Communications & Information Technology (CIT)
This course focuses on communicating effectively in a culturally-diverse world. Students receive a solid grounding in Cultural Anthropology combined with Interpersonal Communication theory and practice to develop knowledge and skills essential for communicating effectively across cultural borders. Through lectures, small group discussions, research projects, videos, and guest speakers, students learn first to identify other peoples cultural patterns and then to analyze strategies for adjusting their own communicative styles to resolve and to avoid intercultural conflicts. Students demonstrate proficiency in intercultural theory and practice through writing assignments, including a formal cross-cultural research paper; oral presentations; and a variety of class activities and assignments.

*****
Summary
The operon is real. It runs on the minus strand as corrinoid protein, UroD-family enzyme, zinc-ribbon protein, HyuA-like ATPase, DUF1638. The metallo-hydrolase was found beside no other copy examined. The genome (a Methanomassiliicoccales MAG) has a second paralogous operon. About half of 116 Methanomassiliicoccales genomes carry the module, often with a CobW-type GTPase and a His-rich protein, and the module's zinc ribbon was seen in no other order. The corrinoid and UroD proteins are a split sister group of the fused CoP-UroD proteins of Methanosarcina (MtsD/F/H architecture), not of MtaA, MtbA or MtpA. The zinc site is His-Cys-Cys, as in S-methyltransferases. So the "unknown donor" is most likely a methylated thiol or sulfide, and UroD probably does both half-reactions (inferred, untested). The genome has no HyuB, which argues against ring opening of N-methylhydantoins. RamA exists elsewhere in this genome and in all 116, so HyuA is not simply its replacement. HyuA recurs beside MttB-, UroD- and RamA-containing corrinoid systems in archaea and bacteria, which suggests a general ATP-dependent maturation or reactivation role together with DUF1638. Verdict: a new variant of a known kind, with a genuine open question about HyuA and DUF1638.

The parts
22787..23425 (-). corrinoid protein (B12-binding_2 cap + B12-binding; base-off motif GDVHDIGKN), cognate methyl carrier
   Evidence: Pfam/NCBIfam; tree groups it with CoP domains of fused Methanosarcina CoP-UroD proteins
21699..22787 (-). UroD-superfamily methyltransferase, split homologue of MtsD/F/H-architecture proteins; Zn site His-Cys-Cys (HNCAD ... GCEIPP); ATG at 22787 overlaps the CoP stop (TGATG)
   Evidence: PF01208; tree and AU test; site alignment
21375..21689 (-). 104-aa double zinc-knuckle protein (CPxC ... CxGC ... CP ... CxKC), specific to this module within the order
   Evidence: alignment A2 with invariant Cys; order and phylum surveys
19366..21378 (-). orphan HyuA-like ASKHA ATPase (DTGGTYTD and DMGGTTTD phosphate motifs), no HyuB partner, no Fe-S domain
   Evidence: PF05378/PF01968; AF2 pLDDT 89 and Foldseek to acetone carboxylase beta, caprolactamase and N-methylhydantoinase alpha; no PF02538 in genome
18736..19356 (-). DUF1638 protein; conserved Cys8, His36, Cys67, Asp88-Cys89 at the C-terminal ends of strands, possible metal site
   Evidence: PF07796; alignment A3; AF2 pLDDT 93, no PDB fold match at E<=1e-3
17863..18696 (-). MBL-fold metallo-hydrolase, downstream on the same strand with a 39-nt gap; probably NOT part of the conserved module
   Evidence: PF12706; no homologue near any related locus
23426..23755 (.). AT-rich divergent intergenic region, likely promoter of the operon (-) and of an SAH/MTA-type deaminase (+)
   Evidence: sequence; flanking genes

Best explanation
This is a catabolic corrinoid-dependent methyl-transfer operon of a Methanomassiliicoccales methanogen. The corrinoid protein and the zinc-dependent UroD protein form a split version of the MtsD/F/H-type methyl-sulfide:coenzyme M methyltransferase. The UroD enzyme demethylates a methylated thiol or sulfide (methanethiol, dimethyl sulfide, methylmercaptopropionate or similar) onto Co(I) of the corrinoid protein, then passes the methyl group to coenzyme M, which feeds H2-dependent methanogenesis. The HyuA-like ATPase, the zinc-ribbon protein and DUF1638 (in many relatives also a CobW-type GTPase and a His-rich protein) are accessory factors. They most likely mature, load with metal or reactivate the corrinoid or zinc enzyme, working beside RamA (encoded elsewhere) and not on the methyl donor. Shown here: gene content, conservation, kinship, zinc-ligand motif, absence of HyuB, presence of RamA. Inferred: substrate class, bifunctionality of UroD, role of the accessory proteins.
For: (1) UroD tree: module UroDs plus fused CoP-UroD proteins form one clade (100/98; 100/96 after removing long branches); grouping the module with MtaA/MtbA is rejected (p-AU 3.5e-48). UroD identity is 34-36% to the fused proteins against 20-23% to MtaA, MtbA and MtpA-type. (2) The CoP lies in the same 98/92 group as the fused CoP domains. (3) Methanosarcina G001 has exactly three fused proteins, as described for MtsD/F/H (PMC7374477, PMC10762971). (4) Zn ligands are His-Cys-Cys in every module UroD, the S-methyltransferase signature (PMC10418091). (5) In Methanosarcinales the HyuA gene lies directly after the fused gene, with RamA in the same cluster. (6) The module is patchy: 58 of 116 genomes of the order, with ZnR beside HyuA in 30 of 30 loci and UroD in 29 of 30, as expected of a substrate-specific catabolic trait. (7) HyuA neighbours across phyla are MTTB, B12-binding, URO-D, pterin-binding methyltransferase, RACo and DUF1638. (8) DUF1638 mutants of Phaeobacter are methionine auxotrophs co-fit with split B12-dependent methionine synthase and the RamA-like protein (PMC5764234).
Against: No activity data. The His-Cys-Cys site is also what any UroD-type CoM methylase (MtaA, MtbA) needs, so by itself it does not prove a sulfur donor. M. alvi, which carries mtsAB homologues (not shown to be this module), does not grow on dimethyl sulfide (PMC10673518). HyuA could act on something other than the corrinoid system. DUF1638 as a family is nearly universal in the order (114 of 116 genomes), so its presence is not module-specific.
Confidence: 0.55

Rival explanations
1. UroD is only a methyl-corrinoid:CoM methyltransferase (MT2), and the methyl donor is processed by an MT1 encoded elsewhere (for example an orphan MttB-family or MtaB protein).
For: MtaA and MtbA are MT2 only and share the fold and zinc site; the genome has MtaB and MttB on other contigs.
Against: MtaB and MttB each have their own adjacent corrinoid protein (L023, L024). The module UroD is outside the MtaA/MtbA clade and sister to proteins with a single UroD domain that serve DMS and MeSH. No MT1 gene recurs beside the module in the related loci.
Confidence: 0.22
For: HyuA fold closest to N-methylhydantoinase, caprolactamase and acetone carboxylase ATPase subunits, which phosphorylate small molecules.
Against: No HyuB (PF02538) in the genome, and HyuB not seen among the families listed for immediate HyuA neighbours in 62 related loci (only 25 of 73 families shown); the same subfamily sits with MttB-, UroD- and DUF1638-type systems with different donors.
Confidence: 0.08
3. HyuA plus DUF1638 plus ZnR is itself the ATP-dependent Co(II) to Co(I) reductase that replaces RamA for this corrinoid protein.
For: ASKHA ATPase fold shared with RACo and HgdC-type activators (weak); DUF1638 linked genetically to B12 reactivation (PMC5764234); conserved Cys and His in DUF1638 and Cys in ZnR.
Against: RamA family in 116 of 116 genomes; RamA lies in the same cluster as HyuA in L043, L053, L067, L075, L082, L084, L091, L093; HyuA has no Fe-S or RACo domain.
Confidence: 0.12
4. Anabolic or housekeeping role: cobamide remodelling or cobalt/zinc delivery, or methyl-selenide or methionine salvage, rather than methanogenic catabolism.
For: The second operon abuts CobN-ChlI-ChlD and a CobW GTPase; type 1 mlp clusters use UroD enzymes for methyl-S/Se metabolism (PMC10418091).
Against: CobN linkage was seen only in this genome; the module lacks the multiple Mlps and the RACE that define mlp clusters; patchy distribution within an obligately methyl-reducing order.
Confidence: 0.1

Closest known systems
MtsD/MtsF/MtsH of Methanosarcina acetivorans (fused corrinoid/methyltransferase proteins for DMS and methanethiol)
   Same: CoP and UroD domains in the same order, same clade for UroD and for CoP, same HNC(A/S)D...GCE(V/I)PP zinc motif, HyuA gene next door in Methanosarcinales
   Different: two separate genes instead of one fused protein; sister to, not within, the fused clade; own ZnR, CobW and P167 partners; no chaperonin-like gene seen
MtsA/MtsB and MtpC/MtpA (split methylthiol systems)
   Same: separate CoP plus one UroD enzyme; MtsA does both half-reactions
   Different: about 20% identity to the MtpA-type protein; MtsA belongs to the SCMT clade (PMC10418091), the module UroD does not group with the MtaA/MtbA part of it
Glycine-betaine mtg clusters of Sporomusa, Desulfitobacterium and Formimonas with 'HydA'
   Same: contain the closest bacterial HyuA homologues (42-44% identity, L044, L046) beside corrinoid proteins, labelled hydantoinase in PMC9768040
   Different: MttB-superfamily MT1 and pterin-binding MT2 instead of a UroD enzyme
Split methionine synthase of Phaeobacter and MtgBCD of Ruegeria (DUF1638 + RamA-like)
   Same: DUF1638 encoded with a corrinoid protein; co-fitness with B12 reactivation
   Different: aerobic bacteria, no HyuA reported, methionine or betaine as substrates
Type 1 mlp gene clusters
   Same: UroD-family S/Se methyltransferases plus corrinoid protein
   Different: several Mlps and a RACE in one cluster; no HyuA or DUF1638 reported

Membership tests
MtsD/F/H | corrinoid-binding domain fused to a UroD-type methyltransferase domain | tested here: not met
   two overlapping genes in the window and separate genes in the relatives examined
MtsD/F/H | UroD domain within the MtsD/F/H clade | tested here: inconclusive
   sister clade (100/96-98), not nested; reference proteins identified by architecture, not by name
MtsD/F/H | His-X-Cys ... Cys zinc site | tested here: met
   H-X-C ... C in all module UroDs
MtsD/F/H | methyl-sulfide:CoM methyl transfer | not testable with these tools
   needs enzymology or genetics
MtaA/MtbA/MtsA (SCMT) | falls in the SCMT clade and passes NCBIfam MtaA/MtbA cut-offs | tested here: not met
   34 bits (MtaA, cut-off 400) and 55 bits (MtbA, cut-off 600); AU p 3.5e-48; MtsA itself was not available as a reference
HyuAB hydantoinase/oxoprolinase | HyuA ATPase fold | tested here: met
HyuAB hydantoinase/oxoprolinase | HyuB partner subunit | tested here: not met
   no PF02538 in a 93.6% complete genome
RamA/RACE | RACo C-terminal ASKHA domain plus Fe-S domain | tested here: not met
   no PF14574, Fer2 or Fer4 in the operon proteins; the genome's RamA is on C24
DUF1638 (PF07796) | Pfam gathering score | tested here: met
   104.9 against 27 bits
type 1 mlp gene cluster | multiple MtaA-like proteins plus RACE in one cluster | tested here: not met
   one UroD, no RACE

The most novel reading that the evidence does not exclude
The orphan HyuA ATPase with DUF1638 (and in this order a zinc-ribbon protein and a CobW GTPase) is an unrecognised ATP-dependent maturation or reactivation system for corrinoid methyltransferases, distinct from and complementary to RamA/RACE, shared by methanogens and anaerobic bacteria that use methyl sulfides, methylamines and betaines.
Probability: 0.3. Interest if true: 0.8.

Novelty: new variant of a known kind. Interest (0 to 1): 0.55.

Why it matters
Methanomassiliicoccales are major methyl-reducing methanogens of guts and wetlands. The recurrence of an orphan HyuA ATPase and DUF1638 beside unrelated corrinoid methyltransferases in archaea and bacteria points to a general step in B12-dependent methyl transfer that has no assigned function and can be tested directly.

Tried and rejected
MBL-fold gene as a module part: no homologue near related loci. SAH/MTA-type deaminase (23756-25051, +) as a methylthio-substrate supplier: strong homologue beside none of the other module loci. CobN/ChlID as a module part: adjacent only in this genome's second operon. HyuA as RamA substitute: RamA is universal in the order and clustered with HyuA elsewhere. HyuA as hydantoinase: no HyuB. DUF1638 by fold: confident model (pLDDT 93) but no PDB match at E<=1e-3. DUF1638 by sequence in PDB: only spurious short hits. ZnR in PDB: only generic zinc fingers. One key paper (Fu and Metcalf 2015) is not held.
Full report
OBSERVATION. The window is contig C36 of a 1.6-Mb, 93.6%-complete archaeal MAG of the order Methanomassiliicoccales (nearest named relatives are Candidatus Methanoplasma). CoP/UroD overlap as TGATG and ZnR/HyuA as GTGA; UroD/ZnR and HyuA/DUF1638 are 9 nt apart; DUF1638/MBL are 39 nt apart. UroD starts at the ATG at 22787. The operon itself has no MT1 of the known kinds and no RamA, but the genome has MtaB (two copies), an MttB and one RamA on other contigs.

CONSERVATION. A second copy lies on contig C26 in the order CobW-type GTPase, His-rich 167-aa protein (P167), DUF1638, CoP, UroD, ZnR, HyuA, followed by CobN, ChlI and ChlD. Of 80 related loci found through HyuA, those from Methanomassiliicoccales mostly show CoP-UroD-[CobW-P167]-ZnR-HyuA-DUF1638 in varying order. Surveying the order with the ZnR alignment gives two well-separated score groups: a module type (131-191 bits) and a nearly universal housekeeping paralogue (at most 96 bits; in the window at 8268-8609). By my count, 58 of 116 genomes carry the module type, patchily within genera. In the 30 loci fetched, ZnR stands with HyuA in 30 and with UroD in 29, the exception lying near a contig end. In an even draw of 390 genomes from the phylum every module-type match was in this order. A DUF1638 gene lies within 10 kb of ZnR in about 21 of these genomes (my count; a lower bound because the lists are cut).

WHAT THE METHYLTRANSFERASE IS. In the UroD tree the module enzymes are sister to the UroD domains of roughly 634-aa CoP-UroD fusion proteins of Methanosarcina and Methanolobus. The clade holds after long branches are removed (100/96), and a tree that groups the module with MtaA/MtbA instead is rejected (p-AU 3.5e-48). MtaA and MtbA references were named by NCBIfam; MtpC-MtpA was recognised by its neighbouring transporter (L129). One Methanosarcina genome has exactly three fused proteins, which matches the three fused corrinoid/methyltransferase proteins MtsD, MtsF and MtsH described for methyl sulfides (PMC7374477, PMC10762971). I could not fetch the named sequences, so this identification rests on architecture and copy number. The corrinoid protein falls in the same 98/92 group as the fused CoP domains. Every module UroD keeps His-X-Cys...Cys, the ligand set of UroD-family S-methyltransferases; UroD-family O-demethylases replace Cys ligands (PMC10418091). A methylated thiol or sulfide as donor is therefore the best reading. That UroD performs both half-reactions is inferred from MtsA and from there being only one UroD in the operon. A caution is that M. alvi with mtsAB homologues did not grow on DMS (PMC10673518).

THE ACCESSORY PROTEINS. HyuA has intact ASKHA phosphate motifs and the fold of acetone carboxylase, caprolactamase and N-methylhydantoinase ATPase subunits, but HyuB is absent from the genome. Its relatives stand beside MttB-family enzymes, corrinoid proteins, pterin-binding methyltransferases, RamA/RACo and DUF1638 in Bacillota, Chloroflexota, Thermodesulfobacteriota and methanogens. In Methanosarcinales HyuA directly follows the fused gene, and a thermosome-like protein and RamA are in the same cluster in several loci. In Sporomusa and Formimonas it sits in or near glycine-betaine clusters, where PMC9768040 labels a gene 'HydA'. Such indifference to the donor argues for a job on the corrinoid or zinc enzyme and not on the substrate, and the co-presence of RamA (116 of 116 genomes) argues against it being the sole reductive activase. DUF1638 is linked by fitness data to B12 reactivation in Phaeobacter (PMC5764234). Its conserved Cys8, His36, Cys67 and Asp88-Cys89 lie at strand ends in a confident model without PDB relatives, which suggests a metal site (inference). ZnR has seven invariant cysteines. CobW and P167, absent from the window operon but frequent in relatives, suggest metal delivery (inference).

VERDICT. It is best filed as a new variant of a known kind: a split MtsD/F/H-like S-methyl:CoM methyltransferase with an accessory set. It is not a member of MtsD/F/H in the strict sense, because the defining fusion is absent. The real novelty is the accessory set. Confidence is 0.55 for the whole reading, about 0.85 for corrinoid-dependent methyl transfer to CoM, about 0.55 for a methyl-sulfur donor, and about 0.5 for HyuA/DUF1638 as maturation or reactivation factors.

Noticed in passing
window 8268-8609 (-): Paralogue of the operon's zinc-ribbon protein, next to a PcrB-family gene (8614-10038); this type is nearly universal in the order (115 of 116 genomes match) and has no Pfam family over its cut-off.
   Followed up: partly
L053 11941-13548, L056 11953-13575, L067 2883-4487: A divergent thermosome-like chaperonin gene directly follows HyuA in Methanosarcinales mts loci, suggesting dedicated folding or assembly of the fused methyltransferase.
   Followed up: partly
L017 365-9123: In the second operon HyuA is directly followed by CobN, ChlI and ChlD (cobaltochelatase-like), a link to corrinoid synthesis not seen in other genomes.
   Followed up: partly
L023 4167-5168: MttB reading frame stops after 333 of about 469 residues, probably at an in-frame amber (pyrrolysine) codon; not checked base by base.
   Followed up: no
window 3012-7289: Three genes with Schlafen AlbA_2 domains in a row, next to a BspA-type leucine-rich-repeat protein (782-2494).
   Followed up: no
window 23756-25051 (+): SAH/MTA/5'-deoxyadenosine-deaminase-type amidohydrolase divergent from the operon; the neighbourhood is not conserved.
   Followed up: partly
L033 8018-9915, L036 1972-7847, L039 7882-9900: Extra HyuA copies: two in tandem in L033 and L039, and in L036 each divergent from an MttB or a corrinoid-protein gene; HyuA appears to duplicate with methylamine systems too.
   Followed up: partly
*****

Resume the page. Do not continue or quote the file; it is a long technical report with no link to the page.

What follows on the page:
As the final course in the CIT core, Communicating for Leadership serves as a bridge to upper-level courses in students fields of study. Furthermore, different sections are taught by instructors in these fields. This allows students to study the specialized communication styles and demands associated with effective leadership in their majors; that is, business majors study corporate communications; students in legal studies examine communication models and strategies for conflict resolution, liberal studies majors draw upon multimedia skills and technologies to enhance their communications, etc. Through readings, writing projects, discussions, and role-plays, students also study interpersonal communication skills, verbal and non-verbal communication, the dynamics and ethics of interviewing, and organizational and small group communication. While writing, reading, listening, and information literacy are integrated into the course, the course offers explicit instruction in public speaking and offers students opportunities to practice speaking to multiple and complex audiences in forums relevant to their fields of study.